The Great Briefcase Incident
While working with a software developer on PowerLogic System Manager Software (SMS), Bob Kennedy lost—and then found—his briefcase. It's a long story.
SMS on Windows 286 and 386
PowerLogic System Manager Software (SMS) was first released for the Microsoft operating system called Windows 3.0. For younger readers, Win 3.0 preceded Windows 95, 98, 98SE, ME, NT, XP, Vista, 7, 8 and 10. In fact, at the time of its development in 1989, SMS was written for a Windows version even earlier than Win 3.0! Windows 286 and 386 were named for the Intel processors at the time, somewhat analogous to today's Windows for 32-bit and 64-bit machines. Anyway, you get the idea. SMS was among the first Windows applications.
A Road Trip to Knoxville
To jump-start development, Square D worked with Electrotek Concepts in Knoxville, TN, to develop the power management software for Windows. Electrotek was well-known for their power systems expertise and also their Windows development experience. By the end of 1989, the project was well underway, and Lee Wallis and Bob Kennedy were making the short, 3-hour drive to Knoxville to review progress and discuss specifications. At this meeting, Bob planned to describe new functionality desired involving alarm and event reporting. The guys started out around 6:00am, hoping for an early start and productive day in Knoxville. Neither would happen.
A "Brief" Stop in Harriman, TN
About an hour from the destination, Lee suggested stopping to call for directions to the office. At that time, Lee was still a smoker, so Bob suspected a ruse for a smoke break. Either way, the pair stopped to use a pay phone in a McDonald's parking lot just off the Harriman exit. Bob got the phone number from his briefcase, opened on the flat trunk of his Honda Civic. Lee called, confirmed directions, and the duo were back on I-40. The first time.
Ok, We're Here. Now Where's My Briefcase?
Arriving just after 10am Eastern Time, the guys were anxious to start an interesting meeting. But Bob reached in the back seat for his briefcase (containing all his ideas for the meeting) and found nothing. His mind flashed back to the briefcase's last sighting—on the trunk of his car. No room for doubt. New plan: return to Harriman.
Lee stayed in Knoxville for the meeting while Bob got back in the car, headed for I-40 West. It was a lonely drive. Perhaps an hour or so west of Knoxville, the Harriman exit seemed a long way. When Bob finally returned to the assumed scene of the crime, he found no trace of his briefcase. Several minutes of futile searching went unrewarded, and so Bob reluctantly drove away. He expected to see the briefcase on the side of the road somewhere between Harriman and Knoxville.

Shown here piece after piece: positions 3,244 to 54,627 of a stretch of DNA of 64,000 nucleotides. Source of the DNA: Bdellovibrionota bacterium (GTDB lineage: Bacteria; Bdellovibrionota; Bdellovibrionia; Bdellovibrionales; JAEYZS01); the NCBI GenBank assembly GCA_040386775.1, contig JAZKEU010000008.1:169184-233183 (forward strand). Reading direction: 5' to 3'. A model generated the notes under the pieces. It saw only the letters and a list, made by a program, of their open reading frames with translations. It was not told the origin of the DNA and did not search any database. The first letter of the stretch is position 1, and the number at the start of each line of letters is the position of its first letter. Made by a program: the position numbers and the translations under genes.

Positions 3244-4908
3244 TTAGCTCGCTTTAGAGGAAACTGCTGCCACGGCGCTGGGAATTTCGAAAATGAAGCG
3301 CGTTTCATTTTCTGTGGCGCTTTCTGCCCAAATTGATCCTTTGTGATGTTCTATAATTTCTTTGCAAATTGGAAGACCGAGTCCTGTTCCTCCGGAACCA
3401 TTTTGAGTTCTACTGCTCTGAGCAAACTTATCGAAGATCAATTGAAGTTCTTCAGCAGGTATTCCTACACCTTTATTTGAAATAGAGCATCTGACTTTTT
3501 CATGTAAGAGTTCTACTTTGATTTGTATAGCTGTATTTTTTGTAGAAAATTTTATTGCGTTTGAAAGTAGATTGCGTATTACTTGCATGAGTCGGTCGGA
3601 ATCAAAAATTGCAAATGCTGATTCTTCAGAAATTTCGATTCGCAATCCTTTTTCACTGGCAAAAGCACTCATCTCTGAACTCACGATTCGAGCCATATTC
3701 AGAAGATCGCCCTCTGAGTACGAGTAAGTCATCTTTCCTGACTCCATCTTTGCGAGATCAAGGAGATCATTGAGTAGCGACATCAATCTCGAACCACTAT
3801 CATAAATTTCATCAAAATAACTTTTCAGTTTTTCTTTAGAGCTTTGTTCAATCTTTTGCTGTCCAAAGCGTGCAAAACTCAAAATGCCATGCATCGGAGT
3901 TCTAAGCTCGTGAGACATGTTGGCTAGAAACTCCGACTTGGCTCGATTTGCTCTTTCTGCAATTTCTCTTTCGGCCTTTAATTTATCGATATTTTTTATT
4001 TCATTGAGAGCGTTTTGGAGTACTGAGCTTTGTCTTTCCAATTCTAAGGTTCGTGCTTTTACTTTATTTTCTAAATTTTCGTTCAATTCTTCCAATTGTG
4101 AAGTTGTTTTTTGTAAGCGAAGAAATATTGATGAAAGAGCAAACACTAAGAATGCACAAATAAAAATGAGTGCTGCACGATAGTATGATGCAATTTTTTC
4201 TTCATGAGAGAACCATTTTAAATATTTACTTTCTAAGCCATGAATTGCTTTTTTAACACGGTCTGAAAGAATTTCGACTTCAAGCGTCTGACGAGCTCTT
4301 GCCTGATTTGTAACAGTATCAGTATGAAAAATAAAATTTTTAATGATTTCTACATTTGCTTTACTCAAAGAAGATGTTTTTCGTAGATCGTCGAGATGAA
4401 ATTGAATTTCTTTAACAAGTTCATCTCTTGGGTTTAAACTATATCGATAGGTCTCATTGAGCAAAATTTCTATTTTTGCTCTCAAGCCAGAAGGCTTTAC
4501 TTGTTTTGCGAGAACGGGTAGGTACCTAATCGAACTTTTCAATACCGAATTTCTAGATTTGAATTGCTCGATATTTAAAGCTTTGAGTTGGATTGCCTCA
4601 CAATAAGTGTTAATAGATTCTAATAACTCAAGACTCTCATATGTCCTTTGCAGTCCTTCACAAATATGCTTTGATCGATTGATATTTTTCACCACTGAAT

Bob drove slowly on I-40, eyes peeled to the shoulder, hoping to spot the cherished item That briefcase contained everything—files, product plans, specs, drawings, ideas for the new features. It even had Bob's favorite pen and many other personal items. All lost now. All waiting somewhere along this road, but where? Bob had been agonizing for over an hour when he saw a familiar sight, and not one he wanted to see. It was the Crossville water tower. For at least an hour, Bob had been driving in the wrong direction—farther West on I-40!
Bob found the next exit, turned around, and retraced his path back to Knoxville. With so much time to think, Bob decided to stop again in Harriman. He searched for an hour. No trace of briefcase. He finally gave up (again), and headed back (again) to Knoxville, this time in the right direction.
Bob finally made it to Electrotek around 2:30pm. As he entered the conference room, Bob was greeted by raucus laughter. Guffaws maybe. Because the group knew something Bob didn't. (This was before cell phones.) They had all seen the fax. Karen Bailey (future PowerLogic hall-of-famer) had written to say that a "very nice man...from Harriman had called to say he found the briefcase...right before it was run over by a truck." A copy of this fax is reproduced at left.
Bob got back in the car, drove to the gentleman's place of business, thanked the man with a twenty, and retrieved the briefcase—what was left of it. At least some papers and personal items were salvaged. The briefcase itself was marked by truck tire treads, never to be used again, not as a briefcase anyway. Bob made it back to Electrotek by 5pm or so. Shortly thereafter, the meeting was adjourned.
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